Tuesday, 25 November 2008

"i don't make disco music"

For those who are remotely familiar with my writing it would seem as though I have a slight obsession with all things LA, while I can't dispute this fact, i must point out that I never go out of my way find music specifically from this corner of the world. It just so happens that almost everything I hear coming of the sunny state of California shines like a beacon and my ship can do nothing but be drawn in by it.
This time though I am going to write about someone a little different from what i'd normally rattle on about. Her name is Ramona Gonzalez aka Nite Jewel, Ramona is a artist specialising in video and sound installation and while i'm not really an art buff, in any sense of the notion, her CV is an impressive collection of collaborations and recommendations from all walks of underground art & music world. Her music as Nite Jewel is, refreshingly, recorded all on 8 track cassette deck which gives it the delicious lo-fi sounds we've come to associate with a lot of what's coming out of LA at the moment. The beautiful hazy sound of layering tape tracks lends the music a distinct esoteric quality, in the sense you feel as though you're sitting on her bed intently listening while she sways about the room wearing something elegantly sexy and performing solely just for you. Unfortunately, she's not but I did manage to get her to answer some questions for us.

**This interview was intended to be my first peice of editorial for a new blog i'm starting to write for thisisoffset but as a whole i'm not overly pleased with the outcome now so I thought i'd post it up here so that it's not wasted in e-space forever.**

BS: Firstly, could you describe your music as though describing it to someone who has never heard it.

RG: I think the Japanese got it right: "xanax pop". I also like "lounge".

BS: What made you choose to record on an 8 track, was it through lack of better equipment or was in a conscious effort to give the music a delicate, otherworldly quality?

RG: My friend Whitemare got me my 8 track. So in that way it was a matter of convenience. But also I don't jive well with digital material. It's not visceral enough for me

BS: Your planning on releasing a 12" on the super hip Italians Do It Better imprint, how did that come about?

RG: It's already released. I was at Whitemare's house listening to some records. His roommate said I was biting "Glass Candy", who I had never heard of. So I listened. I didn't think we resembled, but I wrote to Glass Candy asking them what they thought of that comparison. That's how the lines of communication opened.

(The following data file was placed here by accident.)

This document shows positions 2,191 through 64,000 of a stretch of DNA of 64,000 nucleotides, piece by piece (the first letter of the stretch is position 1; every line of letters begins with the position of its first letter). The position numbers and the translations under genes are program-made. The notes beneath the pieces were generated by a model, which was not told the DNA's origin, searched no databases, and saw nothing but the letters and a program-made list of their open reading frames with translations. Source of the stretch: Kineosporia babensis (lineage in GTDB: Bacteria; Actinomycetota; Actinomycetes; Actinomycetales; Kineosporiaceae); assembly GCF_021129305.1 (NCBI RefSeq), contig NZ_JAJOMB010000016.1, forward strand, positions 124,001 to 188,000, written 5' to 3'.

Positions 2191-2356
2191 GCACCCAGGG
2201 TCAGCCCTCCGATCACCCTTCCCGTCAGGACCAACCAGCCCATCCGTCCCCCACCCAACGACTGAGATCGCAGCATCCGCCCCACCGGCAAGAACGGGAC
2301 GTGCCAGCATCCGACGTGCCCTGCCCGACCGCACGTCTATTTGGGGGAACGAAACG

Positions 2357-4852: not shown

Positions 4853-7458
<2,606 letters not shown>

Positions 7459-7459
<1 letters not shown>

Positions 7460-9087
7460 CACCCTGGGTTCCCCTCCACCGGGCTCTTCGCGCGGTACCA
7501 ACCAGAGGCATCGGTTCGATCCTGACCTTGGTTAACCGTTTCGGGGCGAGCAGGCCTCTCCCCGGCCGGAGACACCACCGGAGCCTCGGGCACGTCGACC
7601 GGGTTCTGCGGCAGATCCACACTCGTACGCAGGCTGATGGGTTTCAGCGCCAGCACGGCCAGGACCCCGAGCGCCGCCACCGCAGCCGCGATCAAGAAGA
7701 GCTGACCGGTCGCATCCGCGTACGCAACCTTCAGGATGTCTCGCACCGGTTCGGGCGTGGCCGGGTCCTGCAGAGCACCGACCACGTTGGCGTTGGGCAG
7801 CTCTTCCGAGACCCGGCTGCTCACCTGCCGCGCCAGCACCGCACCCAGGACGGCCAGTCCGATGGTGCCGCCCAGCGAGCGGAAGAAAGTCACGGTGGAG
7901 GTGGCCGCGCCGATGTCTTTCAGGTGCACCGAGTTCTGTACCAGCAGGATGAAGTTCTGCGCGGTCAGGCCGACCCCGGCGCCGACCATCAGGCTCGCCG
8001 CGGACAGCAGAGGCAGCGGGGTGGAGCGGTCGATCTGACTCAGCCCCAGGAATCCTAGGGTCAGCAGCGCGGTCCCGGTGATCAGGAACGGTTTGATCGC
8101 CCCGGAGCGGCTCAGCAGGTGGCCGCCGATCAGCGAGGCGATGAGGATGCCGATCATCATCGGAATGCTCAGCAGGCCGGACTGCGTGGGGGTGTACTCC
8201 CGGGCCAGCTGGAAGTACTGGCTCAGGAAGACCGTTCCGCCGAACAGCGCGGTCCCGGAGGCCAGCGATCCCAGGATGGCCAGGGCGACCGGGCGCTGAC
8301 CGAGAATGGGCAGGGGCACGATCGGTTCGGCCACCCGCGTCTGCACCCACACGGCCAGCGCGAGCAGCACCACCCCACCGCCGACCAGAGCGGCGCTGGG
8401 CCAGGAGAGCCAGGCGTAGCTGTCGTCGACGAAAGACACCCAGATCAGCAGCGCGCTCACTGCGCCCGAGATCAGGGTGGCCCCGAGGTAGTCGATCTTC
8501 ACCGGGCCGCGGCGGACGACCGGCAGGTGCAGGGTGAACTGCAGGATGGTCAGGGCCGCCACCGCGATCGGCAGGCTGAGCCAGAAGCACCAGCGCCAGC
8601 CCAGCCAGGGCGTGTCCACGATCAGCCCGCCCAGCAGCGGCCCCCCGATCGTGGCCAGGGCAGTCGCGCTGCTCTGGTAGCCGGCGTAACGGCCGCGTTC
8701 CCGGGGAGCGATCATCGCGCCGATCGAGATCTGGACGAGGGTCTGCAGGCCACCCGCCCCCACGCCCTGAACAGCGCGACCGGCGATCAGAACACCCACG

BS: Why do you think the sound of disco's past has been revived to such an extent recently?

RG: I don't really have an opinion about it.

BS: When I was younger I remember my Mum used to laugh at my Dad for being a disco fanatic in his youth. Do you think neu-disco is always going to carry that stigma in some peoples eyes or do you think sexy, cool acts like yourself, Glass Candy, Sally Shapiro etc. can rid it of it's misconceptions?

RG: I don't make disco music. I just happen to have grown up in musical traditions that also lend importance to bass and drums. Sometimes people can dance to my music, which is great. If people have misconceptions about dance music, so much the worse for them.

BS: You're from LA right? Are in involved/associated with the LA lo-fi youth punk scene at all? The Smell, Mika Miko etc. How do you rate the current scene in LA, does it help/hinder you in anyway?

RG: Actually I'm from Oakland. I'm not really associated with The Smell scene, but I love to play there. I can't really rate anything because I have such a tiny purview. I mean, I have a small group of friends and basically just go to see them play. Also, Los Angeles is so huge, you can't take such a broad brush to the music that is emerging here. I will say that Los Angeles gets an A+ for its ability to make its people feel comfortable NOT ascribing to any scene at all.
(BS: I wasn't taring LA with the same brush, i was mearly asking if - with her being based in LA an all - she's involved with that scene!?)

BS: And what about being immersed in a rich art scene, what are the benefits or downfalls, if there are any, to that?

RG: The benefits are all the crazy people and all their art information that gets stored in your brain so you can then spew it out in any configuration you please.

BS: What's next for Romana/Nite Jewel?

RG: My full length LP is out now on Gloriette records and full length CD out on Human Ear in a few weeks. Touring with Times New Viking and Deerhunter next week. Some possible dates with Glass Candy in the future.

BS: Lastly, what tracks are guaranteed to get you on the dance floor?

RG: Over and Over by Shalamar

You can purchase Nite Jewel's IDIB LP here

And you can check her myspace here

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